There’s a surprisingly large range of jobs in a wide selection of settings for phlebotomists, but most fit into a few key areas.
Let’s start by organizing them into locations by the type of work undertaken.
Most patients visiting a hospital will need bloods taking from time to time, as the analysis will reveal a huge amount about the health of the patient. The number of conditions this could reveal are far too numerous to mention in this section, but blood analysis is one of the most important diagnostic tools in healthcare.
There’s a similar set of reasons why your doctor might wish to take blood samples, but in addition to the ones in hospital, physicians will often carry out more regular, routine tests. These may include checking for common conditions like diabetes, as well as general screening for any conditions that may not be showing any or obvious symptoms.
Increasingly, pharmacies are offering services to collect bloods. Often they’re then sent off to laboratories for analysis, but the availability of these services offers additional convenience to patients, and takes pressure off physicians and hospitals.
Other Places Of Work
While most patients will experience giving blood samples in the three locations above, there are plenty of other possibilities too depending on the situation. For example, where appropriate, phlebotomists may travel to the patient rather than the other way around in some circumstances, such as in cases where the patient is under detention by law enforcement or in correctional facilities.
Analysis Of Bloods
High capacity laboratories are most commonly used by larger hospitals and other healthcare settings in the immediate area to process blood tests. They’ll often be within the hospital or adjacent to it for logistical reasons, but in some cases the tests are taken off site for analysis.
Drugs companies and scientists also need to regularly observe results from blood tests, so will usually have their own team of phlebotomists. Their responsibilities will usually involve looking for the impact of treatments, or analyze changes in bloods resulting from disease or other conditions.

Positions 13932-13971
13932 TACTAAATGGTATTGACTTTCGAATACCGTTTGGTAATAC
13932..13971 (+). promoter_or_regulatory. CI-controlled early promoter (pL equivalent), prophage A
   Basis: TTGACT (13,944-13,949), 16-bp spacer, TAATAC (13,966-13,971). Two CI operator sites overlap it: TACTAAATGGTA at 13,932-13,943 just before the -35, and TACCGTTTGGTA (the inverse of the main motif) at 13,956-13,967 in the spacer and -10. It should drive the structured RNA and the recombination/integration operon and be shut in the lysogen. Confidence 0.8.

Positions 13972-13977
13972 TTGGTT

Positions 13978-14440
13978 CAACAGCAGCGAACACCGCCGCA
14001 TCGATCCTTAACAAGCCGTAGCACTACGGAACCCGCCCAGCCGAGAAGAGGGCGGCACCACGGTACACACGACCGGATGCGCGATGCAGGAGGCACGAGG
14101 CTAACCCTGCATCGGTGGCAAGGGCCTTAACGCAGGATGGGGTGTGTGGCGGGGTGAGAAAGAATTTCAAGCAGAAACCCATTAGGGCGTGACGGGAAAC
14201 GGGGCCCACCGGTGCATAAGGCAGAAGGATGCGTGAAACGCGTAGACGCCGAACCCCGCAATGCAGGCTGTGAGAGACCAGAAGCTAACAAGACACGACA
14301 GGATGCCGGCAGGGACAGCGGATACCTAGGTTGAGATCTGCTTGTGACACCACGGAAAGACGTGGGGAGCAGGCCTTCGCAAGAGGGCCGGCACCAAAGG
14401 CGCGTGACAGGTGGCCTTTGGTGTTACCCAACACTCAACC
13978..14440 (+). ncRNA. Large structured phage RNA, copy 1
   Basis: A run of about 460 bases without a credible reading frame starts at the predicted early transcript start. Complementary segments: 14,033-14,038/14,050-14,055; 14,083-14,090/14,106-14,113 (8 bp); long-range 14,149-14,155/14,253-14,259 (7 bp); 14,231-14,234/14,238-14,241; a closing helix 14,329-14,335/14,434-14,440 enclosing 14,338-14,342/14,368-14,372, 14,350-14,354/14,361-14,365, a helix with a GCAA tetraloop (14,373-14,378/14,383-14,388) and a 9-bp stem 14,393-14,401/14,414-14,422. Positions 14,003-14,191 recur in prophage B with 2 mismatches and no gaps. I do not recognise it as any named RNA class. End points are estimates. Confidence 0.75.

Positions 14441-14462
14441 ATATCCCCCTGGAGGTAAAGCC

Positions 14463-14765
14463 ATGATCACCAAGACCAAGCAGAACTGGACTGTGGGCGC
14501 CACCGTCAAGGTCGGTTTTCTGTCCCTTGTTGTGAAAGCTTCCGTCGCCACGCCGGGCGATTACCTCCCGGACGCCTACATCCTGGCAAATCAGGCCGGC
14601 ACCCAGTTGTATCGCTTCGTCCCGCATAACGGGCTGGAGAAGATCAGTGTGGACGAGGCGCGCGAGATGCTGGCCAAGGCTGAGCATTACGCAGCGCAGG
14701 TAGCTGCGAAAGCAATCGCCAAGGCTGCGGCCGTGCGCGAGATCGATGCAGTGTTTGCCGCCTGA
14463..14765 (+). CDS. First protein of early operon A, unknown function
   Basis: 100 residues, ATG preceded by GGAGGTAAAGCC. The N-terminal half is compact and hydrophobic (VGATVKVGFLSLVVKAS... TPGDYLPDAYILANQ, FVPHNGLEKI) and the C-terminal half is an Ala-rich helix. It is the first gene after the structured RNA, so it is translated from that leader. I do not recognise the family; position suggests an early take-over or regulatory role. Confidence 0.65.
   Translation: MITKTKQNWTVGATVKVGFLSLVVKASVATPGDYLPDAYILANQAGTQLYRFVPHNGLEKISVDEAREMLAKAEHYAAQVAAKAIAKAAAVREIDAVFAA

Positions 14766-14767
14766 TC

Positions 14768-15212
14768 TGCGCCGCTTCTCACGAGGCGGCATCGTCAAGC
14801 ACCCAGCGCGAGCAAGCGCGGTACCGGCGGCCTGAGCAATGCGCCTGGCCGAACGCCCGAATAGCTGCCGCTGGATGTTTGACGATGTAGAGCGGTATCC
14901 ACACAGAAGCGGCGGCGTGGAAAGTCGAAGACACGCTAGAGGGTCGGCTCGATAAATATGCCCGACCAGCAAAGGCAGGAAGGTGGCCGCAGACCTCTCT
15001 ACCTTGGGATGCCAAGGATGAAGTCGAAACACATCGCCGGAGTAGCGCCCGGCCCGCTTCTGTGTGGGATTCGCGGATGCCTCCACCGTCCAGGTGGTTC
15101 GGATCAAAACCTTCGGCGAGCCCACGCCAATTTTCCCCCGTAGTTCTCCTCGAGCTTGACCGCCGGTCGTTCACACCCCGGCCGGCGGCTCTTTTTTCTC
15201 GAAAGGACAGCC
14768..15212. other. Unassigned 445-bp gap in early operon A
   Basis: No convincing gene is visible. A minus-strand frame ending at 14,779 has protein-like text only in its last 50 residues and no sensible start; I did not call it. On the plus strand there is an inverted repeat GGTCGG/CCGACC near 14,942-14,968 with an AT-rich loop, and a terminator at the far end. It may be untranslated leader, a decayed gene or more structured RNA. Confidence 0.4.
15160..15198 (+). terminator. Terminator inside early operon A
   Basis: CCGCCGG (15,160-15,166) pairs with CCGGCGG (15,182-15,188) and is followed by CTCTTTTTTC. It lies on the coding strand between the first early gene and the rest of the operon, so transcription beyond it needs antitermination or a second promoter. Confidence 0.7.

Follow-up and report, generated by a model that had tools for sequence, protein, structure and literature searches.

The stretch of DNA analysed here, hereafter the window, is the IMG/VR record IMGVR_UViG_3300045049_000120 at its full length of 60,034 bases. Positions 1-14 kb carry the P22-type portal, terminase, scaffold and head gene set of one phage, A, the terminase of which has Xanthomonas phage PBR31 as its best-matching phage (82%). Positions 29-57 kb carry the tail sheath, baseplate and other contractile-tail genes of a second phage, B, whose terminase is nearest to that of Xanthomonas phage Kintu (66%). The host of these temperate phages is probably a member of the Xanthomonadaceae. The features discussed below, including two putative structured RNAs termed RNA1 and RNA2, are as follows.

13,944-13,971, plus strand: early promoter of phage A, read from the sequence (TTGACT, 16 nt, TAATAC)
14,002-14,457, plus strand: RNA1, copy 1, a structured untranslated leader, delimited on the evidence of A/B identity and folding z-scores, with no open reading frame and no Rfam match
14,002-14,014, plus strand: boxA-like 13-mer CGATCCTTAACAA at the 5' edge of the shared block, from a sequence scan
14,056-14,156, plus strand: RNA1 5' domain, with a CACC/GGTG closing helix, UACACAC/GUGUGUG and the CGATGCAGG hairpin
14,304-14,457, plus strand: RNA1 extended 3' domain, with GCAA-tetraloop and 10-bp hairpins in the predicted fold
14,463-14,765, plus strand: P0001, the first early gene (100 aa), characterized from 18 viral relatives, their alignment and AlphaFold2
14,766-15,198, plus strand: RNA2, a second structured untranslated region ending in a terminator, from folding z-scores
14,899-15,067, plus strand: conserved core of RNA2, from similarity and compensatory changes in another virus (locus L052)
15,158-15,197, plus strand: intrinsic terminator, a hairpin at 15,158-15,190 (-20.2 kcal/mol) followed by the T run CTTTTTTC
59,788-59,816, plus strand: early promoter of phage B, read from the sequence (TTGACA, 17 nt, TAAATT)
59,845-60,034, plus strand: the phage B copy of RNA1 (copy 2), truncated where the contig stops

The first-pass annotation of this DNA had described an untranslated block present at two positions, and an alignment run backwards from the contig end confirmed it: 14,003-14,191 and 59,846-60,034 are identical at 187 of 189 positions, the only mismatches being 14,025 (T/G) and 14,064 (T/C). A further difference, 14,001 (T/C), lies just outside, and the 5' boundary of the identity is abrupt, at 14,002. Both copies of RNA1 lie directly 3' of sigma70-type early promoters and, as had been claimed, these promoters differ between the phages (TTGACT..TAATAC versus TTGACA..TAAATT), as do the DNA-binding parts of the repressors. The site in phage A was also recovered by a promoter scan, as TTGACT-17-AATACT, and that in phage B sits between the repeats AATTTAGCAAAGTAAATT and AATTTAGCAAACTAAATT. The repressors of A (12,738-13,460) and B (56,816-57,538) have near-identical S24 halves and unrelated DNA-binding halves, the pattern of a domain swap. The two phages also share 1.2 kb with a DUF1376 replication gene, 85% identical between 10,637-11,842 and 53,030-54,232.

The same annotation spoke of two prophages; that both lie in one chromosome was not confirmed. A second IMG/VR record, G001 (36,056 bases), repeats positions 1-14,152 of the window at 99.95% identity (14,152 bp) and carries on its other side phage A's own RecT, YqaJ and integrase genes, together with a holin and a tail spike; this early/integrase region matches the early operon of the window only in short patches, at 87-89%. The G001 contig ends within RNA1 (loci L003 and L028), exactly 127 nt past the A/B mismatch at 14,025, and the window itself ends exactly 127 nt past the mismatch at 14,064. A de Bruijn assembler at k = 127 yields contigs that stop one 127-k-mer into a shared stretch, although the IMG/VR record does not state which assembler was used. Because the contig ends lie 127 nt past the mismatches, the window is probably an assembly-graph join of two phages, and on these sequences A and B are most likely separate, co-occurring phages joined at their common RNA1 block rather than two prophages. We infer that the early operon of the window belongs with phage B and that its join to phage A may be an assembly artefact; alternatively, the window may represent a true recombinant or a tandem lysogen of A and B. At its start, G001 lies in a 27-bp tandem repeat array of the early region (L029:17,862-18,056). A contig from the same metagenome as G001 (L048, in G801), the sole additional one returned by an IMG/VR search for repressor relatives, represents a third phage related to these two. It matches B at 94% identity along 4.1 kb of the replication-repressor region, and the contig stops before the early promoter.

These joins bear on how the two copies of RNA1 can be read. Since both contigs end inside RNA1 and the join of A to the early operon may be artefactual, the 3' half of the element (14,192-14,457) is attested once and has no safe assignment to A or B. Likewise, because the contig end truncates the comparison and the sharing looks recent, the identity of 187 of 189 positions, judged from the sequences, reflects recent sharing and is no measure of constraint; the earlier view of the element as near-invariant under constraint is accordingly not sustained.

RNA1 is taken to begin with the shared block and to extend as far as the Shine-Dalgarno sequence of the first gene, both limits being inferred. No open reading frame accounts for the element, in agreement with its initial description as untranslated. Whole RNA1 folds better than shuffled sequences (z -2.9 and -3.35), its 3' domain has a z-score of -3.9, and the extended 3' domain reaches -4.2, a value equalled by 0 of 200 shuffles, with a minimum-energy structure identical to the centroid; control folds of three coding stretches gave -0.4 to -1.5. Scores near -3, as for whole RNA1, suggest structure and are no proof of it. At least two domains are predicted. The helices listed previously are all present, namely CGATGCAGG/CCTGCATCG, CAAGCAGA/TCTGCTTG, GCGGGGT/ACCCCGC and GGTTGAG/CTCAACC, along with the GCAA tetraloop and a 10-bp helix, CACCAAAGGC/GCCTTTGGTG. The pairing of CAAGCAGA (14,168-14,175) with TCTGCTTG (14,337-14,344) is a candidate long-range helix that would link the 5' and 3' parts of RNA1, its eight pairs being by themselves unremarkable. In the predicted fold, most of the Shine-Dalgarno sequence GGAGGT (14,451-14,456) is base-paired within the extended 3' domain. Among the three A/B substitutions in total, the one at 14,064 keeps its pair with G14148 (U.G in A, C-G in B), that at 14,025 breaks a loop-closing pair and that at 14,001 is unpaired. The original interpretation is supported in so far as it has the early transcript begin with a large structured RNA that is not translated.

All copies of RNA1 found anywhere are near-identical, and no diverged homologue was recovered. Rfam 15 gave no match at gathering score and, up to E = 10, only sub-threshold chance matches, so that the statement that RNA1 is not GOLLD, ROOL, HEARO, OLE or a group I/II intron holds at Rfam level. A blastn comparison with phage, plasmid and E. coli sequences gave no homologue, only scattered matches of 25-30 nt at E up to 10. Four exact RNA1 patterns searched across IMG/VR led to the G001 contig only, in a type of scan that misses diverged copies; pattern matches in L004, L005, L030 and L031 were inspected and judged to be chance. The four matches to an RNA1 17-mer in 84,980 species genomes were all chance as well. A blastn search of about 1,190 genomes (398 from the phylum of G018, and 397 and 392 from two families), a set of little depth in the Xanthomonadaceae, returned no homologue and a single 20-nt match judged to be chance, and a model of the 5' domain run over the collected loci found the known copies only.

While drug companies employ a large number of phlebotomists for commercial research and medicine advancement, educational institutions such as universities may also carry out research, such as non profit investigative research. There can be a blurred line between these two activities, with one supporting the other in their projects.
Common Responsibilities In Phlebotomy
No matter what role a phlebotomist undertakes, certain responsibilities cover most occupations. Let’s look at those in a little more detail
Specimen collection is undoubtedly at the core of phlebotomy, involving frequent use of needles, cannulas, tourniquet, safety lock kits and so on. Developing your skills will mean you can perform these procedures quickly and as free of discomfort as possible for the patient. Many people fear needles, and a competent and reassuring phlebotomist can make the experience far more manageable for those visiting to provide a specimen.
Completing the correct forms and documenting the collection of samples is a critical part of the role, as the consequences of mixing samples don’t bear thinking about. While safeguards and procedures are always in place, they only work as well as the individual following them. As a result, strong routine and discipline are critical attributes of phlebotomists.
One of the biggest changes in the roles in phlebotomy over recent decades has been the computerization of records. Promptly entering accurate and detailed descriptions in computer systems means that a comprehensive and contemporaneous set of notes can be reviewed in the future.
Equipment And Supply Management
As with most jobs, there is an element of housekeeping required to keep a phlebotomist’s workspace operating optimally. Examples include the regular stocktaking of equipment and ordering supplies to keep stocks of essentials. As blood taking is a medical procedure, risks are involved to both the patient and practitioner, so clean operating areas are a must. Most areas will need to be regularly cleaned, probably as often as between each appointment in some areas.
In a more practical sense, frequent checking that trays are neat, tidy and stocked so that you’re not discovering items are missing half way through a patient providing specimens.
Some patients will provide multiple samples in a single appointment, so preparation is key, with sample tubes clearly labelled before the patient enters the room to avoid confusion in the event of distraction (such as a fainting patient).